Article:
Those companies that reveal unnecessary information about themselves to the world are the first ones to get hacked. It’s ok to do the normal PR activities that a business does, but keep all of your security information secrets. Leave out information that could compromise your company’s wellbeing.
8. All Businesses Are Vulnerable to Hacks
You would expect every business to take security seriously since their entire livelihood is on the line. Unfortunately, many of them do not have good security. More than 14 million businesses are vulnerable to hacks right now in the United States alone.
9. Third-Party Security Is Possible
The alternative to handling your security in-house is to get somebody else to do it. There are quite a few great security services out there. You can rent secure cloud storage on servers that feature an advanced security setup.
While public clouds are never quite as secure as private clouds, they are so much more affordable. It’s possible to stay safe while using the public cloud. Just be careful to work with the right service.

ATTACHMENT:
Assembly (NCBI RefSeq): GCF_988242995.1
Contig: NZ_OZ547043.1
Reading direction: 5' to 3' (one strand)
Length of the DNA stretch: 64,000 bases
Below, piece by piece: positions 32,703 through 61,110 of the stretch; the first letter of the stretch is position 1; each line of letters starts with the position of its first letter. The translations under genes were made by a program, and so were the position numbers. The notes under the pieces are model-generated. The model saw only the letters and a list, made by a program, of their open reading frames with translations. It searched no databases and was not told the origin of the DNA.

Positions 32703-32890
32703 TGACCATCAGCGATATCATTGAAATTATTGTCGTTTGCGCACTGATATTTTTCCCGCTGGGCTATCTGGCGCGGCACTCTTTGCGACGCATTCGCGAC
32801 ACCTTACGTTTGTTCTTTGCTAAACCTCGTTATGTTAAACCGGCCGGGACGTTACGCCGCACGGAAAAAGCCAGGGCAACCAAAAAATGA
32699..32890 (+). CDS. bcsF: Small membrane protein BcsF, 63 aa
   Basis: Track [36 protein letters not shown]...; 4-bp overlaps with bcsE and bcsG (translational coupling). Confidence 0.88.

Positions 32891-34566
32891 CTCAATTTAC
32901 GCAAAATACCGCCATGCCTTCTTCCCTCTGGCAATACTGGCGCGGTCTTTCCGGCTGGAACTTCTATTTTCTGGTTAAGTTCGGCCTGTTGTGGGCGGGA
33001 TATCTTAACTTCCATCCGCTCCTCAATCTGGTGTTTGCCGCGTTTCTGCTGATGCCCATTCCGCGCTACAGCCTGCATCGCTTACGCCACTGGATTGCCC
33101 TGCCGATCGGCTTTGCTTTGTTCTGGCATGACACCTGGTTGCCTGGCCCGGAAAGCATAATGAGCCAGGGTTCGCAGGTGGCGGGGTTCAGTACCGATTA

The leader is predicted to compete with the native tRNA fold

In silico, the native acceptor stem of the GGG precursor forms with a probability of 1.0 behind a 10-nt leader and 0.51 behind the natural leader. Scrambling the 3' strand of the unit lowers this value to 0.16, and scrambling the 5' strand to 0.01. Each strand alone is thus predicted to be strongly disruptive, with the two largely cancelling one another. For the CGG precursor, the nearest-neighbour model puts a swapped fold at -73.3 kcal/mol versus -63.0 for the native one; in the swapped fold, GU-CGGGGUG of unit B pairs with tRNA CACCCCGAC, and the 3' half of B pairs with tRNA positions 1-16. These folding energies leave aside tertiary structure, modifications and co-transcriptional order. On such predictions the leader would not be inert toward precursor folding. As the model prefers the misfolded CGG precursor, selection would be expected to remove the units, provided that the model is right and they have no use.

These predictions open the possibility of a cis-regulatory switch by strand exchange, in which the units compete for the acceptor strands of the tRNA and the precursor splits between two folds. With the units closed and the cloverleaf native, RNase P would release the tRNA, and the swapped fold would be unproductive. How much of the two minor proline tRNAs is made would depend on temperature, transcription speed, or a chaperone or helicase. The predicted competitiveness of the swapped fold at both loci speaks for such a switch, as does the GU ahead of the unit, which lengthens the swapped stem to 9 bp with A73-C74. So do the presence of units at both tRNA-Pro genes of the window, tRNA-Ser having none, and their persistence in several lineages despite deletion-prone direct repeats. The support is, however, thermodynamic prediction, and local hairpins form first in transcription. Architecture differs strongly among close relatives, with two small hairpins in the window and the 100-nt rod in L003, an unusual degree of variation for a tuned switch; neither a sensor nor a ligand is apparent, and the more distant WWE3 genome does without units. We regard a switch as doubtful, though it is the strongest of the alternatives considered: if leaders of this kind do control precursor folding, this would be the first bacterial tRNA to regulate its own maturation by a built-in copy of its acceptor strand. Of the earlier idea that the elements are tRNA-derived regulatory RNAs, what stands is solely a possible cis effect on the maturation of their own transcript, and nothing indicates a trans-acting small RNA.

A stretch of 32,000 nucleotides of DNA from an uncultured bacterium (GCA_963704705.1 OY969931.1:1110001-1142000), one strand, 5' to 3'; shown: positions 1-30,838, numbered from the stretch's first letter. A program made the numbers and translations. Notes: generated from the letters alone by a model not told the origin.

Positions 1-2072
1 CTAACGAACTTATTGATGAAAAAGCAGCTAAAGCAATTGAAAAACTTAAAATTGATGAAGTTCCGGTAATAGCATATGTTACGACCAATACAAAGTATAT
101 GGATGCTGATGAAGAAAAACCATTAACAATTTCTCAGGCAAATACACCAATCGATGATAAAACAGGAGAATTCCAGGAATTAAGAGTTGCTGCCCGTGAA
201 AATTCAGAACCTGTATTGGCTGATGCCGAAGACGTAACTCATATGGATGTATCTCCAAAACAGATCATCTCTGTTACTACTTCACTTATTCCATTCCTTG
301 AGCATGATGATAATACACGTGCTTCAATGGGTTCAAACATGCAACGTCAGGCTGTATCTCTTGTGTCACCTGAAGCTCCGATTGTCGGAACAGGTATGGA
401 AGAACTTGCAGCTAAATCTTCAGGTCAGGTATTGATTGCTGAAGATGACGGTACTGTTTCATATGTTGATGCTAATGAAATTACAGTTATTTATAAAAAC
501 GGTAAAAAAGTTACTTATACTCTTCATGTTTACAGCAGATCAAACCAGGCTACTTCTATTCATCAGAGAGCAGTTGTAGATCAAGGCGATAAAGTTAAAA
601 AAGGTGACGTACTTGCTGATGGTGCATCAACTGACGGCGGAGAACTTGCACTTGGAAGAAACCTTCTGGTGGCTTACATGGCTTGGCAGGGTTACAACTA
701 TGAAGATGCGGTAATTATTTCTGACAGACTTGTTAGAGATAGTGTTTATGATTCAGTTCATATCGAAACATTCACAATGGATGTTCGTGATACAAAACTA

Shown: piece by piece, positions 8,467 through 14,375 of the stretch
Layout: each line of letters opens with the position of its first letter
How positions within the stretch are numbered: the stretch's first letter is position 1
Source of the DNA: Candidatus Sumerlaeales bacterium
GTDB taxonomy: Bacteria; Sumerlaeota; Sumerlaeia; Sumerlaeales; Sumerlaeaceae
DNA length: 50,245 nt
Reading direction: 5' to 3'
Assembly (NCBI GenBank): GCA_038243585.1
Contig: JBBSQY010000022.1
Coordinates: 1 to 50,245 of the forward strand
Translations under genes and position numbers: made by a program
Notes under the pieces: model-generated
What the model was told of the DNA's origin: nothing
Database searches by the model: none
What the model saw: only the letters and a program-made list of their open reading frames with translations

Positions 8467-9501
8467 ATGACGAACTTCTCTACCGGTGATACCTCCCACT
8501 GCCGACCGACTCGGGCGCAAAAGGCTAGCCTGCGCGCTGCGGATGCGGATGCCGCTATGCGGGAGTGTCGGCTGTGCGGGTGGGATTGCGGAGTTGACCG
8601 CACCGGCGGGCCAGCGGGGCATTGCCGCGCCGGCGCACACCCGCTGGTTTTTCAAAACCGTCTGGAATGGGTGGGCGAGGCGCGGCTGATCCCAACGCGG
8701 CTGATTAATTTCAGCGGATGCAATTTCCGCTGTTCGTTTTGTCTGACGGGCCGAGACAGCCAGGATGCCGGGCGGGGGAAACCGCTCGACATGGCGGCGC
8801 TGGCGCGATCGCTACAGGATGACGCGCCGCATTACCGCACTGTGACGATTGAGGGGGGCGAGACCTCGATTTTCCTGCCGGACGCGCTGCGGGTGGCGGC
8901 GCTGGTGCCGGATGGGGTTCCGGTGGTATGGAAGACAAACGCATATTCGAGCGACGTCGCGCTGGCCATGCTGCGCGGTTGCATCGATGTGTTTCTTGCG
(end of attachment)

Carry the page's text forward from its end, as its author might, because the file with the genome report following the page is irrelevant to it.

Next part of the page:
10. Leave Security to the Professionals
You shouldn’t try to guess your way to great security in the cloud. Find a professional to do the job for you, even if it has to be a one-off freelance contract. The key is to get your security set up properly from the start so that hackers never have a chance to compromise your system. Ideally, you will have a full time CIO paying attention to this.
Great Security can be found in the Cloud
Maintaining secure digital operations is the only way to ensure that you can run your business without a disruption.
Any kind of data breach will create a huge problem. Companies have even been known to shut down entirely as the result of being hacked. Follow the tactics of this guide and you will stay safe from malicious hackers.